Drupal Forms

Written by James Mansson on February 9, 2013 Categories: AJAX, Drupal, HTML

Because of Drupal’s structured nature it is not immediately obvious how to implement forms in it. In this post I am going to look at how I used Drupal’s various built-in functions to implement a form used in one of my Drupal modules.

The module in question is the chess_results module which feature in my previous post on rendering  HTML tables dynamically in Drupal. The administrative section of the module allows authorised users to add events and add/update results within those events. Both of these functions have their own form. In this article, I shall be looking at the form used to enter results, as it demonstrates a wider range of features.

The first function that I added to the module was one that generates the form:

function chess_results_enter_result_form($form, &$form_state) {
	// Get all the active events
	$result = _get_events(true);

	$events = array();

	foreach ($result as $record) {
		$events[$record->event_id] = $record->description;
	}

	$event_id = isset($form_state['values']['event_id']) ? $form_state['values']['event_id'] : key($events);

	$form['event_id'] = array(
		'#type' => 'select',
		'#title' => t('Event'),
		'#description' => t('The event.'),
		'#options' => $events,
		'#default_value' => $event_id,
		'#ajax' => array(
			'event' => 'change',
			'callback' => 'chess_results_enter_result_form_event_callback',
			'wrapper' => 'game_replace',
        ),
	);

	$form['game'] = array(
		'#type' => 'select',
		'#title' => t('Game'),
		'#description' => t('The game from the event.'),
		'#prefix' => '<div id="game_replace">',
		'#suffix' => '</div>',
		'#options' => chess_results_enter_result_form_game_options($event_id),
		'#default_value' => isset($form_state['values']['game']) ? $form_state['values']['game'] : '',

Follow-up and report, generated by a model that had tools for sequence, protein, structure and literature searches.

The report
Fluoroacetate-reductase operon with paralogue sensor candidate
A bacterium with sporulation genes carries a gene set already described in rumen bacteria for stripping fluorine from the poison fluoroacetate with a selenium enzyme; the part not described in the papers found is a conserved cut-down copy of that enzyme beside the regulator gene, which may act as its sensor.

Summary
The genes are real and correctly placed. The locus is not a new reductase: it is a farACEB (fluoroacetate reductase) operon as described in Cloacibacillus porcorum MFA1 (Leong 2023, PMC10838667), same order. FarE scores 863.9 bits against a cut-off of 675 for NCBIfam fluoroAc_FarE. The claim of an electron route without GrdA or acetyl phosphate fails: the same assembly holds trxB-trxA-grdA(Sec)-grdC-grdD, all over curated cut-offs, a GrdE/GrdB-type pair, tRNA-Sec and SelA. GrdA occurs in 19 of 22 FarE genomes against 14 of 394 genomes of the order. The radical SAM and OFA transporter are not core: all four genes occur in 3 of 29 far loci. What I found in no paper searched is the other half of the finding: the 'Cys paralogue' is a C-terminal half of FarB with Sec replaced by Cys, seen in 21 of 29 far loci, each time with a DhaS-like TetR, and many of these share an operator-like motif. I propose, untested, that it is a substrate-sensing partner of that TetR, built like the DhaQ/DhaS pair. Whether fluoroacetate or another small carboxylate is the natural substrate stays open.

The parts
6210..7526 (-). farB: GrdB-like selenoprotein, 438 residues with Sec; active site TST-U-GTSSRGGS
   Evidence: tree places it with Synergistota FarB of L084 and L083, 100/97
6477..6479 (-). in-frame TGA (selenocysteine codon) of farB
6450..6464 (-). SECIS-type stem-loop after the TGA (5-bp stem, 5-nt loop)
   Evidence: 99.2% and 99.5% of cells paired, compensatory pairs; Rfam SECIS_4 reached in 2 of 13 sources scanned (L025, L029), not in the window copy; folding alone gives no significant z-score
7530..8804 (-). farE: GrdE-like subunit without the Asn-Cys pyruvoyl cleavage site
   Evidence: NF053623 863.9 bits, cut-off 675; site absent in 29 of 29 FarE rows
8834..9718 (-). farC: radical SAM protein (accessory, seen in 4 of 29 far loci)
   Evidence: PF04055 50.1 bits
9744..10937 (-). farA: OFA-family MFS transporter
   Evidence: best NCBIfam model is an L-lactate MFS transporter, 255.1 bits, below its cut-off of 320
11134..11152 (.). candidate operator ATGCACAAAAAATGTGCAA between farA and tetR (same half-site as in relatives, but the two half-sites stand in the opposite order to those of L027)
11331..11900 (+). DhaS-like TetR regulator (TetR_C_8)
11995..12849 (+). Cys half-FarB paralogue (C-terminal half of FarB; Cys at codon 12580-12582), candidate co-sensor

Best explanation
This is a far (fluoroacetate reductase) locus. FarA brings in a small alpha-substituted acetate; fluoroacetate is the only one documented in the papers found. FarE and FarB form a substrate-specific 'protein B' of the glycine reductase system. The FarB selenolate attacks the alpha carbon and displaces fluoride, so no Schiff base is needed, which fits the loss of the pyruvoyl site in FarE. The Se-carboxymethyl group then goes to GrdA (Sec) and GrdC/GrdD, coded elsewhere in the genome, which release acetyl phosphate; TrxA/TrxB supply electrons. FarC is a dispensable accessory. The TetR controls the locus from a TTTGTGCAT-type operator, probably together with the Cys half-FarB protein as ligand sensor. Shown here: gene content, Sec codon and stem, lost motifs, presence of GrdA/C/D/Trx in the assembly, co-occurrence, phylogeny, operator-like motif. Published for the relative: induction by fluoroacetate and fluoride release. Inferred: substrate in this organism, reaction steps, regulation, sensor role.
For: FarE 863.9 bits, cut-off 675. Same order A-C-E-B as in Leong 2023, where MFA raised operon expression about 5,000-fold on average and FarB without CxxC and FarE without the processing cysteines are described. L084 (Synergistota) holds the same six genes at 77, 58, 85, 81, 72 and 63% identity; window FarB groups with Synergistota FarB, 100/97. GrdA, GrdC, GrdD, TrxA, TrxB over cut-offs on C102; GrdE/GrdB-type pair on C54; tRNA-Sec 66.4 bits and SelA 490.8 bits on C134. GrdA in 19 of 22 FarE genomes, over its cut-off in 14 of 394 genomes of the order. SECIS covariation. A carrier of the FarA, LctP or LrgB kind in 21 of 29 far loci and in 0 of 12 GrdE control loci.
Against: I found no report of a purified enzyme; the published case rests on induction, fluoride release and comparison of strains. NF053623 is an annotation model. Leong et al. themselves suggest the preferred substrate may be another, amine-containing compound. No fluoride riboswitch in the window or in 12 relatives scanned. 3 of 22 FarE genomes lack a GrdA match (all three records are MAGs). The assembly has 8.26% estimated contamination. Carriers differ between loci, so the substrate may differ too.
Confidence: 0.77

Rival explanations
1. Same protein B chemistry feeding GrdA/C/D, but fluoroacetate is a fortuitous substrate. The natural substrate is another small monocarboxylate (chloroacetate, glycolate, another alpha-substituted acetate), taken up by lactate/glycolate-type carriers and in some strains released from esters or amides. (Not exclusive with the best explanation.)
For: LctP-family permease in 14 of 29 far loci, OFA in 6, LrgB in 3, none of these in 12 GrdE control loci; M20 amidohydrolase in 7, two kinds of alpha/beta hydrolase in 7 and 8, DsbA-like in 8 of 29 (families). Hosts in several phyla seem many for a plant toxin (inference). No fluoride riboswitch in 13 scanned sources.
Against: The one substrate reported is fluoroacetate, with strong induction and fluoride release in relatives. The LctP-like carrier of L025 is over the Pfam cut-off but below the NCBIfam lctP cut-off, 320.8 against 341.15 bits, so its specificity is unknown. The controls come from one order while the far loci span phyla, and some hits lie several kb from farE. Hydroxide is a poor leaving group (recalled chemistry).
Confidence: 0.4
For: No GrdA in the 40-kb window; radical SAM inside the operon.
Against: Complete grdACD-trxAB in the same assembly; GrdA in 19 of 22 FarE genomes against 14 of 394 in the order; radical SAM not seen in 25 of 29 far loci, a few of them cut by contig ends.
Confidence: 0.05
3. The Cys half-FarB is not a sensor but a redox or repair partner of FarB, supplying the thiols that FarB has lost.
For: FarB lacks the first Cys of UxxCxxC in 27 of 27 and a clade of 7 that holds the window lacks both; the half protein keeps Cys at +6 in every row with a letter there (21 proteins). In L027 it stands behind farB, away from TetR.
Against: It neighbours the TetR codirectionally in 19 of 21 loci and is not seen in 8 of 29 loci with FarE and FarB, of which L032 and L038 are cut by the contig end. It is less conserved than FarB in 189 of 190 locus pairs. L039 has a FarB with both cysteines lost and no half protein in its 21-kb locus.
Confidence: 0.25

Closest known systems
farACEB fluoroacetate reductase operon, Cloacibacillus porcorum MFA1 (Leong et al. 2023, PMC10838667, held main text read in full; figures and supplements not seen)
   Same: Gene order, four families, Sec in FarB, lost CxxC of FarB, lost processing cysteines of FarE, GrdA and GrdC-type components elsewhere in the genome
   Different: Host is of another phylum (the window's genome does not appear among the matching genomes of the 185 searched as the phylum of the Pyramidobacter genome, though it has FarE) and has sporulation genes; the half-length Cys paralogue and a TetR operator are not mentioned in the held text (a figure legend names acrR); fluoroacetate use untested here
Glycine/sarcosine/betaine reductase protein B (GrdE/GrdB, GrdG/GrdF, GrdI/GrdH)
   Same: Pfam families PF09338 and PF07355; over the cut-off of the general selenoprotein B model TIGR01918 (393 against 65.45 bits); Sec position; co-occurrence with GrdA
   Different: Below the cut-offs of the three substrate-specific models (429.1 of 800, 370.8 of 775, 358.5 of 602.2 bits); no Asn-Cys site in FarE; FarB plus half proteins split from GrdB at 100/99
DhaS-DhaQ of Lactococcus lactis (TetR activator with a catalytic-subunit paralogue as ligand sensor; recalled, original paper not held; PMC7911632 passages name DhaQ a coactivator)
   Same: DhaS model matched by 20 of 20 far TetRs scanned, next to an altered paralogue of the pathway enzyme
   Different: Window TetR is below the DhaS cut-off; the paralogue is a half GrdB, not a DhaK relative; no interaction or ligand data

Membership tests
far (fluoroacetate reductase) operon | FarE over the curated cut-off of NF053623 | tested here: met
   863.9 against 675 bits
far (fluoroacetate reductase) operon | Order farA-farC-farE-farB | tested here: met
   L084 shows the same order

);

	$form['date'] = array(
		'#type' => 'date',
		'#title' => t('Date'),
		'#description' => t('The date of the game.'),
		'#required' => true,
	);

	$form['result'] = array(
		'#type' => 'radios',
		'#title' => t('Result'),
		'#description' => t('The result of the game.'),
		'#default_value' =>  '1-0',
		'#options' => array(
			'1-0' => t('1-0'), 
			'1/2' => t('Drawn'), 
			'0-1' => t('0-1'), 
			'adjourned' => t('Adjourned'), 
			'adjudicated' => t('Adjudicated'), 
		),
	);

	$form['submit'] = array(
		'#type' => 'submit',
		'#value' => t('Enter result'),
	);

	return $form;
}

The function is passed two parameters: $form and $form_state. The first of these is an array of form elements and their properties. The second represents the current state of the form. If the user has submitted the form, this will be populated with values entered by the user.

The form has five elements:

  • event_id: a select element that allows the user to specify the event in which the game was played.
  • game: a select element that allows the user to select the game from that event.
  • date: a date element that allows the user to specify the date on which the game was played.
  • result: a set of radio buttons that allows the user to specify the result of the game.
  • submit: a submit button.

The event_id element is populated by obtaining a list of active events from the database by calling the _get_events function.